NCAC and partners sent a letter to the Billings School District defending Sherman Alexie’s Absolutely True Diary of a Part-Time Indian. The book has been taught in 10th grade classrooms for a number of years.
On a meeting of the school board on Monday, November 11, supporters greatly outnumbered critics of the book. A number of students spoke about the book’s impact on their own lives, and a woman who had grown up in Nazi Germany expressed her fears at the desire to censor books. A district reconsideration committee voted unanimously to keep the book; a campus committee also recommended the book be retained.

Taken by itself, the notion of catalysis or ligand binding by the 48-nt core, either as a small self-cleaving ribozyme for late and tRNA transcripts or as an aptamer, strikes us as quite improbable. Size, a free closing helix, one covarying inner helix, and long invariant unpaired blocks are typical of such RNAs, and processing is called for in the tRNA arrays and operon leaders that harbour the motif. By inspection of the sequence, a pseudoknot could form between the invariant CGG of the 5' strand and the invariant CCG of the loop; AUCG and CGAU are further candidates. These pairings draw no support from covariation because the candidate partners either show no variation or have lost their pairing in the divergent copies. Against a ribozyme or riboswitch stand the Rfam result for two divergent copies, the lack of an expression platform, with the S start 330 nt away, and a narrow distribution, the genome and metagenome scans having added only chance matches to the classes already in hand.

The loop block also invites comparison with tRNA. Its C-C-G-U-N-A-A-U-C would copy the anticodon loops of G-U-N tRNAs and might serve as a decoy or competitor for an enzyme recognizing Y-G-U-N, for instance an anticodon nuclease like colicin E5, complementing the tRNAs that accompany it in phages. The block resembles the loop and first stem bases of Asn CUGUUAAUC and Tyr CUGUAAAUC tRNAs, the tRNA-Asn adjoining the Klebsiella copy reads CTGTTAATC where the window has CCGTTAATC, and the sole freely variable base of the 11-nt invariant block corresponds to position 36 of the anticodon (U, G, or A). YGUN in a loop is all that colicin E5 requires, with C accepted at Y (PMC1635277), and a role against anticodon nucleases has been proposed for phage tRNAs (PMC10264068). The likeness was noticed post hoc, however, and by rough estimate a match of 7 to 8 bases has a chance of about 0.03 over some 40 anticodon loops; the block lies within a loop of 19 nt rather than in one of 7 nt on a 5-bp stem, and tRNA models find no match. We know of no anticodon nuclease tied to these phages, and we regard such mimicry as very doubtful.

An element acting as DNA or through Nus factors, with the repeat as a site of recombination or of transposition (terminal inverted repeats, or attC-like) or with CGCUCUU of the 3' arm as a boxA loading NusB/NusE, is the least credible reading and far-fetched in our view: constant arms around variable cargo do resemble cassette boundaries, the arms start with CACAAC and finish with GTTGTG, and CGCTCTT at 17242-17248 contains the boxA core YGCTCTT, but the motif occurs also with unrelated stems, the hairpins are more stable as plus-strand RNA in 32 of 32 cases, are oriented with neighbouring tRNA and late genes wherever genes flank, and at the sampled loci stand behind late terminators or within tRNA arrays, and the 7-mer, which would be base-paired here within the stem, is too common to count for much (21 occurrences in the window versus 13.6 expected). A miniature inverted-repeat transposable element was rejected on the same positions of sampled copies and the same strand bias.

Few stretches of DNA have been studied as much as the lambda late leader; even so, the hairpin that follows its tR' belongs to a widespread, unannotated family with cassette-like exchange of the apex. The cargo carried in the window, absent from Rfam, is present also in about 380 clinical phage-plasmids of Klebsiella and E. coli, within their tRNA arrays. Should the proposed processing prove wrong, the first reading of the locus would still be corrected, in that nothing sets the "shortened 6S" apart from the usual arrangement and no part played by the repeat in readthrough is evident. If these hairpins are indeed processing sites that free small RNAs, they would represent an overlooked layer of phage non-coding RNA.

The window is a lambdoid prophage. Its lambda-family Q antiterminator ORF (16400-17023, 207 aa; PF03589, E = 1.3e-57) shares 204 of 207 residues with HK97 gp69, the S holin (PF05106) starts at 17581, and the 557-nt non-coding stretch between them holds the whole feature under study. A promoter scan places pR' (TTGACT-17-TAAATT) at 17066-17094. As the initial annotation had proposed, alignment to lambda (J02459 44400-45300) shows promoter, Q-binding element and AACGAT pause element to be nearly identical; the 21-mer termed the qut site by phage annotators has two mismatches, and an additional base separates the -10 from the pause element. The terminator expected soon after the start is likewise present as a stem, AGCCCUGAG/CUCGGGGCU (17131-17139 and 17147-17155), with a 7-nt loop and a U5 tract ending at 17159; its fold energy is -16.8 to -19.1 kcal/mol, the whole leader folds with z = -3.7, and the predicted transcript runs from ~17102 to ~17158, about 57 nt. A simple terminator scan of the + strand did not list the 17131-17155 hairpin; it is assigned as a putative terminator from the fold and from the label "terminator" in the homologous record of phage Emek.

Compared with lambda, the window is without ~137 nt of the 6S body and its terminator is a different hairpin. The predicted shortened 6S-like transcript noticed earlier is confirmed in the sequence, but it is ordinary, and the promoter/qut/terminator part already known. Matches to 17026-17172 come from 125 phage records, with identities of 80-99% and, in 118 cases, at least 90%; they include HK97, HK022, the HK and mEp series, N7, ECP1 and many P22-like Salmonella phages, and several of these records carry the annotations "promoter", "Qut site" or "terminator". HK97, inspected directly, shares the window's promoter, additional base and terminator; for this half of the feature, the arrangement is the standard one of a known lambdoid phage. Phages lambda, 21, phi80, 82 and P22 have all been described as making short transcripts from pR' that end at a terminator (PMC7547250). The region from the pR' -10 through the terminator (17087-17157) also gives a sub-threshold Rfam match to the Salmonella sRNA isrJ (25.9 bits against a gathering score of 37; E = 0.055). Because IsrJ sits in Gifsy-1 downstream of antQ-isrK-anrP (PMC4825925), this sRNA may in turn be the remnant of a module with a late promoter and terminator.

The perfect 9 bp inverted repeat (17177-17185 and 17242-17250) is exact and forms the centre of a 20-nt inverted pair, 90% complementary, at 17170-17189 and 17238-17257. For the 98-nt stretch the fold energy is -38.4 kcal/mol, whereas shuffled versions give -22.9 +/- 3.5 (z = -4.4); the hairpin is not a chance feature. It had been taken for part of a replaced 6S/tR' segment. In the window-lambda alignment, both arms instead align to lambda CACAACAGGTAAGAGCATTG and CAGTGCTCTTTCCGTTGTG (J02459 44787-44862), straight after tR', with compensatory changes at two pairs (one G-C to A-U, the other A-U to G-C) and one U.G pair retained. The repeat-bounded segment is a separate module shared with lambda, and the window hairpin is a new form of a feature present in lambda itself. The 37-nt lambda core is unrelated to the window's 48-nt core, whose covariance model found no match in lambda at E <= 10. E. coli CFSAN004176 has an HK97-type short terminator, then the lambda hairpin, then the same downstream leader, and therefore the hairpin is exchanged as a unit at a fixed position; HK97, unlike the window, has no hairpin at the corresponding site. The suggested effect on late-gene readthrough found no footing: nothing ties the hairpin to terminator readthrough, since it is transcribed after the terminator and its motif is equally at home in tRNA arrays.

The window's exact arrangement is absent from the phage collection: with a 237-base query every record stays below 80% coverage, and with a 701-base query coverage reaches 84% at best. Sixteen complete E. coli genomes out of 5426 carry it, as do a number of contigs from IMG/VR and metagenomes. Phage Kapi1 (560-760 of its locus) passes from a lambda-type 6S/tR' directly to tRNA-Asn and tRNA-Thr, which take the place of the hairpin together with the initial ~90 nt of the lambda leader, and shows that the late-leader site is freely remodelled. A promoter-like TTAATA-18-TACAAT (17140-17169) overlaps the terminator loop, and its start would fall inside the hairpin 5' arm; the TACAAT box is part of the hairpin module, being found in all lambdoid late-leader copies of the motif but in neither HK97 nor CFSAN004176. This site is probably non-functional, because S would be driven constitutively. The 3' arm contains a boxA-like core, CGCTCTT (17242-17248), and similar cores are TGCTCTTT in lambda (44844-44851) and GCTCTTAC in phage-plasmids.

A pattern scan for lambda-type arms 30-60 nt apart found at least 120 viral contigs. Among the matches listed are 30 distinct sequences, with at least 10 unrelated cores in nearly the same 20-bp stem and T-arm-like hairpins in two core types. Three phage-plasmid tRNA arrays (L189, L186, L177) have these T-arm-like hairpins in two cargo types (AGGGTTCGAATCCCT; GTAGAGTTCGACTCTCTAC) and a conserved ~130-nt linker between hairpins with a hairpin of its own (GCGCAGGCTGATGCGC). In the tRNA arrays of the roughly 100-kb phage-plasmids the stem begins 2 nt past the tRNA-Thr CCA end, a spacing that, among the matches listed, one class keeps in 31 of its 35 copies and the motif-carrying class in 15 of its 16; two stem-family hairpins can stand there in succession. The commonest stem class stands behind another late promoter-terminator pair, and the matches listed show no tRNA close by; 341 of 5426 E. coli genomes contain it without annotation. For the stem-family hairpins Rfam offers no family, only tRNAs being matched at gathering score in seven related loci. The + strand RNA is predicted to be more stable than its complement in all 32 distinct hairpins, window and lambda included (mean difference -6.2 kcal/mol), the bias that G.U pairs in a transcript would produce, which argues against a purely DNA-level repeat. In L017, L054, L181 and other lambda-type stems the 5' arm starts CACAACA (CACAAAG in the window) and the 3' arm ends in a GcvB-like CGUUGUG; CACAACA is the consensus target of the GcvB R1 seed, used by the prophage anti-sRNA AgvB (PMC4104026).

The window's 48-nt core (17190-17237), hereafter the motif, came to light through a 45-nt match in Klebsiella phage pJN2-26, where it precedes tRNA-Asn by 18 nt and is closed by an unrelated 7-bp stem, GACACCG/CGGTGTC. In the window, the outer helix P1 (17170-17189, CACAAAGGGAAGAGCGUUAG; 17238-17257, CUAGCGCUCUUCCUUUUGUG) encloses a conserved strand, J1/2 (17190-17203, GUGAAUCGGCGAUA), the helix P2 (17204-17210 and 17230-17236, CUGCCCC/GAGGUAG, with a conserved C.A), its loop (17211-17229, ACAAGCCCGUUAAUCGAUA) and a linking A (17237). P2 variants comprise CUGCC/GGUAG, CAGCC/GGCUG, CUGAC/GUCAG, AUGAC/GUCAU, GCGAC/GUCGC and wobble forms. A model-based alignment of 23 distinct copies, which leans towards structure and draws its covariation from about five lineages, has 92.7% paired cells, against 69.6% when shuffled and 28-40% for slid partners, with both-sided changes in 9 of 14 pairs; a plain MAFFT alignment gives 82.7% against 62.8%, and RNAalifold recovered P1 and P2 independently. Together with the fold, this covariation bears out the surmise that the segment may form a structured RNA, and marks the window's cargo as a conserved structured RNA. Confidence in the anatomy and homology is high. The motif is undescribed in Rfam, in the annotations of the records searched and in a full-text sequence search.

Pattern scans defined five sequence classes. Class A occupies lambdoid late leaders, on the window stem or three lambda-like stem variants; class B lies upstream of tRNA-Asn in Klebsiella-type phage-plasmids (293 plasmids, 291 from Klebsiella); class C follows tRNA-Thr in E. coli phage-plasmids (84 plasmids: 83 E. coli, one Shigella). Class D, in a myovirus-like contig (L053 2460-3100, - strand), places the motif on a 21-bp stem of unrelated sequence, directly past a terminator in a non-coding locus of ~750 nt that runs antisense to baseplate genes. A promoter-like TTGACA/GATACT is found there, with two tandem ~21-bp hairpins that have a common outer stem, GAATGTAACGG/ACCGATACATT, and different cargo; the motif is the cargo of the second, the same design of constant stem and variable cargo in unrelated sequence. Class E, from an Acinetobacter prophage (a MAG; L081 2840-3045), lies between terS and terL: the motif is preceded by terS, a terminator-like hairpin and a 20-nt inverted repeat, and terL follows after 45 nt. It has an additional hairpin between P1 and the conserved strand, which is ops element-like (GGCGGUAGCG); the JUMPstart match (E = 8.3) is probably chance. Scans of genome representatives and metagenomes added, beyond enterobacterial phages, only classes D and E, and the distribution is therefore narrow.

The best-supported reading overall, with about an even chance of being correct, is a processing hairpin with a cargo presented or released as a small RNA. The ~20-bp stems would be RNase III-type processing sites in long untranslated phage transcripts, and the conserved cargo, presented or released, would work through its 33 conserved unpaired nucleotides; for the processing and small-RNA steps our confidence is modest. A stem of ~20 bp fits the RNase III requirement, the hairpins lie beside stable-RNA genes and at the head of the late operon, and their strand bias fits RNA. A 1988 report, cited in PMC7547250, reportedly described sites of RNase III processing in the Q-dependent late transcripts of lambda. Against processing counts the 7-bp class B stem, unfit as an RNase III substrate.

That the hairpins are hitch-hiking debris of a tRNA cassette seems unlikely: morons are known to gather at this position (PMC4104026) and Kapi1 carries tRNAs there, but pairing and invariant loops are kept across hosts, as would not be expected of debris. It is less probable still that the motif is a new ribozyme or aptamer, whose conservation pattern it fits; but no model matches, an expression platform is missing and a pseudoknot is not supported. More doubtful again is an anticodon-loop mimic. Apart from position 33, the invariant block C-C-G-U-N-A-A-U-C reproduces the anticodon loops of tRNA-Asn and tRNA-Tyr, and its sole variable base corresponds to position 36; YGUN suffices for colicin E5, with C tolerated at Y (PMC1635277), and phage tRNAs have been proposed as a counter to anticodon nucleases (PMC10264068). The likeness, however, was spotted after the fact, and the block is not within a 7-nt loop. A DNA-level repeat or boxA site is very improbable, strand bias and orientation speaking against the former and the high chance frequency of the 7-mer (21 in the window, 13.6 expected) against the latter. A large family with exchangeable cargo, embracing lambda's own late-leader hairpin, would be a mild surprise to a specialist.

Chad Falls Down, a Crow/Gros Ventre student in the district, has been actively advocating for the book as well, circulating a petition and speaking to media. When asked about the book, Chad told reporters: "This [book] is totally realistic, this isn’t sugar coating the past or future, or how government has truly made Native Americans the way they wanted them to be."
This contrasts with the objections of complainants who said the book does nothing but confirm negative stereotypes about the lives of Native Americans.
The timing is coincidental, as Alexie will be honored by NCAC for his contribution to the fight against censorship at its annual benefit gathering on November 12, 2013. Absolutely True Diary is the Kids’ Right to Read Project‘s most frequently challenged book.